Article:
For the first time since 1945, when there were only six teams in the NHL and Gordie Howe was still a kid in Saskatchewan, we have a tournament of champions.
Each of the final four teams in the playoffs won the Stanley Cup in the past four years. It’s down to Pittsburgh (2009), Chicago (2010), Boston (2011) and Los Angeles (2012). It’s down to the best.
In our humble estimation, these were the top four teams in the NHL entering the playoffs. They were the top four teams in our Round 1 power rankings. Pittsburgh and Boston were the top two teams in the East and Chicago and Los Angeles were the top two teams in the West in our Round 2 power rankings.
Only two teams have won the Cup twice since 1999: the Detroit Red Wings (2002, 2008) and New Jersey Devils (2000, 2003). No one has won the Cup twice since the salary cap was introduced in 2005-06. That’s about to change, and the Kings have a chance to become the first repeat champions since the Wings in 1997 and ’98.
Is this a blow to the league’s beloved parity? No. It’s a testament to these organizations that they have put themselves in this position despite the league’s beloved parity.
The Penguins, Blackhawks, Bruins and Kings have something else in common: All four survived scares in the first two rounds of the playoffs. Three faced elimination, and two came perilously close to going home.
These teams have smart coaches and deep, talented rosters glittering with Cup rings. All four were good enough to be champions once, all four are good enough to be champions again, and all four have had the hallmarks of championship runs – overcoming adversity against worthy adversaries, thanks to clutch play and a little luck.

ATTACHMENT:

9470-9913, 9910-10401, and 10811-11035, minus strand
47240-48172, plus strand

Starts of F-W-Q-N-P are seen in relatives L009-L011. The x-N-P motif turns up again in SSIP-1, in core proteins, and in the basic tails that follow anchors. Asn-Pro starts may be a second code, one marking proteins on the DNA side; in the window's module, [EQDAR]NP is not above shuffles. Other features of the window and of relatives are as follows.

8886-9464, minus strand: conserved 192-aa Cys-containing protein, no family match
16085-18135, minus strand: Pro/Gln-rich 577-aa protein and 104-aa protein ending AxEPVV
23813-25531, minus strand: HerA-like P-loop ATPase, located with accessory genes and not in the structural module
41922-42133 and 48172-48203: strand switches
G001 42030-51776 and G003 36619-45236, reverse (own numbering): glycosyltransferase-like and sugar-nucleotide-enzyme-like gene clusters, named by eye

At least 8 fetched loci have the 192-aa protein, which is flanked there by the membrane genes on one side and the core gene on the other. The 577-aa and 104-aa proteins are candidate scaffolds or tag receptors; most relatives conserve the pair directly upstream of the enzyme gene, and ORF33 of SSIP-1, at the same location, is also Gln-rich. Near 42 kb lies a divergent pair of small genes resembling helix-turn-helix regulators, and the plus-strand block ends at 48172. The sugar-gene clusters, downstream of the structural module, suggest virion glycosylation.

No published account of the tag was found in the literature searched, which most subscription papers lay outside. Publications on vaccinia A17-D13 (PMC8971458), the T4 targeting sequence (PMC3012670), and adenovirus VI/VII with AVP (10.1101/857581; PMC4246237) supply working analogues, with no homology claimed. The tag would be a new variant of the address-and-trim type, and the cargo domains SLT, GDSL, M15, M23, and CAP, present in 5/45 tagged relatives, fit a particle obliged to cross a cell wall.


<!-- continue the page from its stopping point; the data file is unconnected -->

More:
Whoever wins this final four will be the best of the best – and the closest thing to a dynasty in today’s NHL.
1. Pittsburgh Penguins
How good are the Penguins? The Bruins, who won the Cup more recently than they did, can play the underdog card with a straight face. Milan Lucic compared the Penguins to the Miami Heat. Not only do the Pens have as star-studded a group as you’ll find in the salary-cap era, they have it because guys wanted to play together.
[Related: Top 10 must-watch storylines in Penguins-Bruins showdown]
Jarome Iginla took his talents to Steel City to play with Sidney Crosby a little like LeBron James took his talents to South Beach to play with Dwyane Wade. Iginla didn’t sign as a free agent, but he made a “Decision.” He waived his no-trade clause for Pittsburgh when the Calgary Flames had worked out a deal with another team – and, of course, that other team was Boston, one of the subplots in a series full of them.
The Penguins should be the favorites. They have Sidney Crosby and Evgeni Malkin and so on, and Crosby has recovered from his broken jaw to the point where he doesn’t need that plastic protective shield anymore.
They are averaging 4.27 goals per game – more than a goal more than the next-best team, the Bruins (3.17). They just ripped through the Ottawa Senators in five games, and the Sens were a better defensive team than the Bruins were in the regular season, giving up 2.08 goals per game, second in the league, while the Bruins gave up 2.21 goals per game, third in the league.
They have handled the Bruins well. They have won the past six regular-games between the teams and the past six in Boston, too. Note that the Bruins did not have to face the Penguins on their way to the Cup in 2011, when Crosby and Malkin were injured and the Pens lost in the first round.